2009-01-01

    Consumers' autonomy regarding health increasingly requires competences to critically appraise health information. Critical health literacy refers to the concept of evidence-based medicine. Instruments to measure these competences in curriculum evaluation and surveys are lacking. We aimed to develop and validate an instrument to measure critical…

  10. Development and Evaluation of Nutrition Education Competencies and a Competency-Based Resource Guide for Preschool-Aged Children

    ERIC Educational Resources Information Center

    Scherr, Rachel E.; Reed, Heather; Briggs, Marilyn; Zidenberg-Cherr, Sheri

    2011-01-01

    Purpose/Objectives: The purpose of this research was to develop and evaluate nutrition education competencies and a competency-based resource guide, Connecting the Dots...Healthy Foods, Healthy Choices, Healthy Kids (CTD), for preschool-aged children in California. Methods: Nutrition education experts and California Department of Education staff…

  11. Symptom differentiation of anxiety and depression across youth development and clinic-referred/nonreferred samples: An examination of competing factor structures of the Child Behavior Checklist DSM-oriented scales.

    PubMed

    Price, Maggi; Higa-McMillan, Charmaine; Ebesutani, Chad; Okamura, Kelsie; Nakamura, Brad J; Chorpita, Bruce F; Weisz, John

    2013-11-01

    This study examined the psychometric properties of the DSM-oriented scales of the Child Behavior Checklist (Achenbach, Dumenci, & Rescorla, 2003) using confirmatory factor analysis to compare the six-factor structure of the DSM-oriented scales to competing models consistent with developmental theories of symptom differentiation. We tested these models on both clinic-referred (N = 757) and school-based, nonreferred (N = 713) samples of youths in order to assess the generalizability of the factorial structures. Although previous research has supported the fit of the six-factor DSM-oriented structure in a normative sample of youths ages 7 to 18 (Achenbach & Rescorla, 2001), tripartite model research indicates that anxiety and depressive symptomology are less differentiated among children compared to adolescents (Jacques & Mash, 2004). We thus examined the relative fit of a six- and a five-factor model (collapsing anxiety and depression) with younger (ages 7-10) and older (ages 11-18) youth subsamples. The results revealed that the six-factor model fit the best in all samples except among younger nonclinical children. The results extended the generalizability of the rationally derived six-factor structure of the DSM-oriented scales to clinic-referred youths and provided further support to the notion that younger children in nonclinical samples exhibit less differentiated symptoms of anxiety and depression.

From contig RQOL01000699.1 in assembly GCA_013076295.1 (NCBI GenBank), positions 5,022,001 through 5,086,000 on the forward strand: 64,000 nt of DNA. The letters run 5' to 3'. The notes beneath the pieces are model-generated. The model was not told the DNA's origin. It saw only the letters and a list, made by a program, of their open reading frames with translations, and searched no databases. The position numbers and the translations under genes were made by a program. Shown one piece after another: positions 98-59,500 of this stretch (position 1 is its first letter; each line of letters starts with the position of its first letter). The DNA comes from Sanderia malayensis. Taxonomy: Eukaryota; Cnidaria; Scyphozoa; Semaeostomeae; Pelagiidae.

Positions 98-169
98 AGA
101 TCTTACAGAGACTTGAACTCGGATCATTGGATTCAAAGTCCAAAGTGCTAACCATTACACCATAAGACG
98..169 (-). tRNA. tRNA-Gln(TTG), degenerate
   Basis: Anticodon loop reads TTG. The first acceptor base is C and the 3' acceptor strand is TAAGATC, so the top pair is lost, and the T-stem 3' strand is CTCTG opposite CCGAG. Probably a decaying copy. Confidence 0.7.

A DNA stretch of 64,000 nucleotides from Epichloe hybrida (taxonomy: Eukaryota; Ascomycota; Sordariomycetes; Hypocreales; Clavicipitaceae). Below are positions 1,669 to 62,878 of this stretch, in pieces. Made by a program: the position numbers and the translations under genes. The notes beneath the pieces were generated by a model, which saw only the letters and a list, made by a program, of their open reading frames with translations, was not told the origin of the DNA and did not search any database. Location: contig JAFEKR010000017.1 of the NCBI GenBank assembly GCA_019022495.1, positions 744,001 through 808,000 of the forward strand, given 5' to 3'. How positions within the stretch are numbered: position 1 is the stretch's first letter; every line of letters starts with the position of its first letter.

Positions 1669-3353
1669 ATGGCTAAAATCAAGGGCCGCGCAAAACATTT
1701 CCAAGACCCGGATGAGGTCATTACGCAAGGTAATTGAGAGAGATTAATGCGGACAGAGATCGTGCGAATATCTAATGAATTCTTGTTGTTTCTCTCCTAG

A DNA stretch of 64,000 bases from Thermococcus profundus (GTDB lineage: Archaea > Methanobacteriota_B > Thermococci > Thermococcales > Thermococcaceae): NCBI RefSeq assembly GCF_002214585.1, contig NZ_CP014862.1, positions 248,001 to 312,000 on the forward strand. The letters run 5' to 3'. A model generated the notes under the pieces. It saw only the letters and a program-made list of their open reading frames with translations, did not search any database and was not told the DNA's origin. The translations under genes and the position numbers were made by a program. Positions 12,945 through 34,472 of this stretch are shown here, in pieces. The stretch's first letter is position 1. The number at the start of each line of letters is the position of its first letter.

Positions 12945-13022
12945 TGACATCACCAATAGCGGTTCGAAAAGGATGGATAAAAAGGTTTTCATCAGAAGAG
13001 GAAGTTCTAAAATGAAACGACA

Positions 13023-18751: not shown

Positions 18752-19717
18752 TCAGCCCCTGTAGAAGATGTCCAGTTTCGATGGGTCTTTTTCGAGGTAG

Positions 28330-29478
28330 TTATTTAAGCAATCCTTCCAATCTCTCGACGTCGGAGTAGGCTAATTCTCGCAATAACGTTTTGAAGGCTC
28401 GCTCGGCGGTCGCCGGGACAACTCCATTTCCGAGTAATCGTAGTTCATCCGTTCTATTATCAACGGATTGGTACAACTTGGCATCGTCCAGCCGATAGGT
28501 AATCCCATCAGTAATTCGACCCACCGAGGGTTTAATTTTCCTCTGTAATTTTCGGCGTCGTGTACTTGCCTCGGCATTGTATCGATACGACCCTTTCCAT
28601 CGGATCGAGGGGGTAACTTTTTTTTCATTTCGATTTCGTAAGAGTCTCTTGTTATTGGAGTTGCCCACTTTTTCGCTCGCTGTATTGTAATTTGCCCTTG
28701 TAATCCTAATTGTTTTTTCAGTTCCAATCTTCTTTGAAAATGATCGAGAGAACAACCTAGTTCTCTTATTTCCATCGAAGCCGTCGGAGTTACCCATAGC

12. The relationship between nurses’ clinical competence and burnout in neonatal intensive care units

    PubMed Central

    Soroush, Fatemehzahra; Zargham-Boroujeni, Ali; Namnabati, Mahboobeh

    2016-01-01

    Background: Nurses’ clinical competency plays an important role in the care of preterm infants. On the other hand, burnout is one of the most important factors in reducing the nurses’ efficiency. With regard to the importance of the role of nurses, and the vulnerability of the infants, the purpose of this study was to investigate the relationship between nurses’ burnout and clinical competency in NICUs. Materials and Methods: The descriptive cross-sectional study was conducted with the participation of 86 nurses working in the NICUs of hospitals in Isfahan, Iran. Census sampling method was used in the NICUs of educational hospitals in 2014. Data were collected by a questionnaire including demographic characteristics, Patricia clinical competency, and Maslach burnout scales. Data were analyzed by the statistical tests of independent t-test and Pearson correlations test with the significance level of α < 0.05. Results: Six dimensions of clinical competency and three dimensions of nurses’ burnout were assessed at three levels (weak, moderate, and strong levels). Statistical tests showed that clinical competency was at a moderate level in all fields. Of the dimensions of nurses’ burnout, emotional exhaustion was moderate, depersonalization was weak, and personal performance was strong. The results showed that nurses’ burnout and clinical competency in the NICUs were at a moderate level and had a significant negative relationship (r = −0.322, P = 0.003). Conclusions: Results showed that burnout had a negative relationship with competency. Therefore, managers are suggested to improve nurses’ competency and diminish their job burnout through better and more applicable planning. PMID:27563328